Trump bucked orthodoxy on China, and it just might work

Trump bucked orthodoxy on China, and it just might work
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A distinguishing, precedent-breaking characteristic of President TrumpDonald John TrumpGrassroots America shows the people support Donald Trump Trump speaks to rebel Libyan general attacking Tripoli Dem lawmaker: Mueller report shows 'substantial body of evidence' on obstruction MORE’s trade policy is its focus on the trade balance. 

For over four decades, the trade account — usually a substantial deficit — has been mostly ignored by successive Democratic and Republican administrations, with the rationale being that while large and chronic trade deficits were not desirable, they were not an immediate problem and were caused primarily by non-trade factors such as America’s low savings rate and chronic deficit spending by the government. 

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“Balanced trade” was not a term used by the architects of U.S. trade policy. Instead, they worked for the “elimination of trade barriers.” 

Particularly with regard to our trade with China, which accounts for the biggest portion of our trade deficit, Trump doesn’t buy the orthodox rationale. He argues that the trade deficit is of immediate seriousness, and our bilateral deficit with China is due in large measure to Chinese trade practices, not U.S. macroeconomic policies.  

So who is right? A closer look at China’s global trade pattern suggests that Trump may have a point. In 2017, China’s trade surplus with all of its trading partners totaled around $420 billion, considerably more than its surplus with the U.S. 

Only a handful of countries have a trade surplus with China, and most of these are commodity and energy exporters. China’s many trading partners have highly diverse trade dynamics and macroeconomic policies, yet the vast majority share a sustained and large imbalance with China. 

The data argues that a major cause of the global Chinese trade imbalance is that country’s export-oriented development plan and its attendant policy of import substitution.

The U.S. has long complained about Chinese trade practices. The breadth and scale of discriminatory Chinese trade practices is highly unusual among World Trade Organization (WTO) members, if not unique. 

Successive teams of U.S. trade officials have created an elaborate, process-heavy alphabet soup of institutional fora that aim to address the problems, which include local content preferences, forced intellectual property (IP) transfers and a weak and corrupt legal framework especially at the sub-central level. 

This lengthy dialogue has proven ineffective in achieving any strategically meaningful change in Chinese practices. Many Chinese commitments remain pending; the history of these meetings largely is a history of unfulfilled promises. Especially noteworthy is the consistent lack of enforcement of agreements reached in these meetings.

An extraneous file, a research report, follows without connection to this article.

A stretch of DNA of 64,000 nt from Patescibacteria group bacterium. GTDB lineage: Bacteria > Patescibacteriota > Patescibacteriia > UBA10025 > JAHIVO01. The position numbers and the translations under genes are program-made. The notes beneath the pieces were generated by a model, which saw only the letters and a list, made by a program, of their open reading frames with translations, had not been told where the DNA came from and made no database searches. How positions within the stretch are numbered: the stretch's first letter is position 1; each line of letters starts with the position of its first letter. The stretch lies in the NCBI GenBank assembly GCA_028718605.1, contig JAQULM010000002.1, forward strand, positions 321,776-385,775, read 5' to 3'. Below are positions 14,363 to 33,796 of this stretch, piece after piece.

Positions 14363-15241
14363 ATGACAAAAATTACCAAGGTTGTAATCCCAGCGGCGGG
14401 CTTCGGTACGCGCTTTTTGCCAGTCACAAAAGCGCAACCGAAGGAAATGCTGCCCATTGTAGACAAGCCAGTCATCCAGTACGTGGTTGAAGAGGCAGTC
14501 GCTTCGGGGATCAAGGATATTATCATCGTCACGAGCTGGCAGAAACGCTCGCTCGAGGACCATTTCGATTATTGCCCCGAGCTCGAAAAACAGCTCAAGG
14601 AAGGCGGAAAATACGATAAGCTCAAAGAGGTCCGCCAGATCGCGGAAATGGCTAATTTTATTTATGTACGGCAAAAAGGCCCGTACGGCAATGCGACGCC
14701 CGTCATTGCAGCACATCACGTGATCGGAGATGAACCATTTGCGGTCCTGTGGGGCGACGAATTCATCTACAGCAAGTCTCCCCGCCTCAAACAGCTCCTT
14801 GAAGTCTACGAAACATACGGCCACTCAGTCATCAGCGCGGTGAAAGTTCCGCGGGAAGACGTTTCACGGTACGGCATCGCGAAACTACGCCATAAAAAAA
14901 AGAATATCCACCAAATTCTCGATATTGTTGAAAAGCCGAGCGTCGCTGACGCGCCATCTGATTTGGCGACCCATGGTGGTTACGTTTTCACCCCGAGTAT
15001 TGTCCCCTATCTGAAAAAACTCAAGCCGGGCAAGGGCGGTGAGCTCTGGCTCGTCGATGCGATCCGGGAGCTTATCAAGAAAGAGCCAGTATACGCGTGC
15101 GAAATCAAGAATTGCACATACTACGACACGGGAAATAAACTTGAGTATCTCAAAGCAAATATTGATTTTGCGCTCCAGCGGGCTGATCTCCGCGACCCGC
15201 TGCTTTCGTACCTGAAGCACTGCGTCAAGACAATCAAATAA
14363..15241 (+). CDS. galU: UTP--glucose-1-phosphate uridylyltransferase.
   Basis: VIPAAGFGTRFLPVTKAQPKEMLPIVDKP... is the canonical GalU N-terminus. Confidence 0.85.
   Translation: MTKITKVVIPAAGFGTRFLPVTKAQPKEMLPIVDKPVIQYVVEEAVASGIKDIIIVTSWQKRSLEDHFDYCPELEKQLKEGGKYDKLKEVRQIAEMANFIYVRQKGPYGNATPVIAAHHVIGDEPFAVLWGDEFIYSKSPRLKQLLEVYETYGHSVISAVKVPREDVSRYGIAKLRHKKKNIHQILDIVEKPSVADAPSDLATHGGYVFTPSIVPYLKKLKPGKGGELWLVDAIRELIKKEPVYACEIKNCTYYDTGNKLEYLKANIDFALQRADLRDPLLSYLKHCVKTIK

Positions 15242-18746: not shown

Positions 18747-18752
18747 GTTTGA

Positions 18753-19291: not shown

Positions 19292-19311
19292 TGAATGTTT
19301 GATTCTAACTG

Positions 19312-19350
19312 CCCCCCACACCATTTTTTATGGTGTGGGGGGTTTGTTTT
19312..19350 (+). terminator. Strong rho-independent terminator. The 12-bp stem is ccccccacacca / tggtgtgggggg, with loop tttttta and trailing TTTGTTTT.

The current U.S.-China trade dialogue has a good chance of breaking with this long-standing pattern of failure for two reasons:  

First, unlike his predecessors, the current U.S. president has shown a personal interest in trade policy and is focused on it. More importantly, Trump has broken with previous U.S. administrations and deployed the only leverage that matters to an export-oriented country like China: the credible threat of loss of market access. 

The unprecedented willingness to do this provides U.S. Trade Representative Robert LighthizerRobert (Bob) Emmet LighthizerChinese, US negotiators fine-tuning details of trade agreement: report The Trump economy keeps roaring ahead Trump says no discussion of extending deadline in Chinese trade talks MORE a huge, game-changing advantage over his predecessors. As we have seen, even the credible threat of loss of market access has a major impact on the export-driven Chinese economy and Chinese negotiators’ attitudes. 

Given mutual interest, a win-win deal seems within reach. The U.S. will be looking for commitments on removal of import barriers, progress on the legal framework and an end to forced IP transfer. Progress on these issues should advance the U.S. goal of reducing the bilateral trade deficit. 

To avoid the mistakes of the past, any understandings must be clearly enforceable and linked to continued Chinese access to the U.S. market. 

Chinese offers for state-directed increases in purchases of U.S. goods should be viewed with skepticism; while making for good headlines, they are not sustainable if this is done through one-off, mandated purchases rather than an increase in aggregate demand for imports. 

China knows that there is no real substitute for the American market. So in exchange for these asks, the predictable Chinese demand is straightforward: continued access to the U.S. market on commercially competitive terms. 

Given that China is probably the greatest U.S. trade policy challenge, substantial progress would be an enormous achievement. Already, Trump’s trade policies are a bright spot in public perception of his administration. 

A favorable deal on China would further burnish the president’s positive track record, putting pressure on Democrats to respond with a new and appealing trade policy of their own.

Michael J. Delaney is a trade policy consultant for TransNational Strategy Group, a commercial, economic/political and policy consultancy providing services to private sector and sovereign government clients. Previously, Delaney worked as a State Department foreign service economic/commercial officer and at the Office of the U.S. Trade Representative (USTR) as assistant USTR for South and Central Asia and Iraq.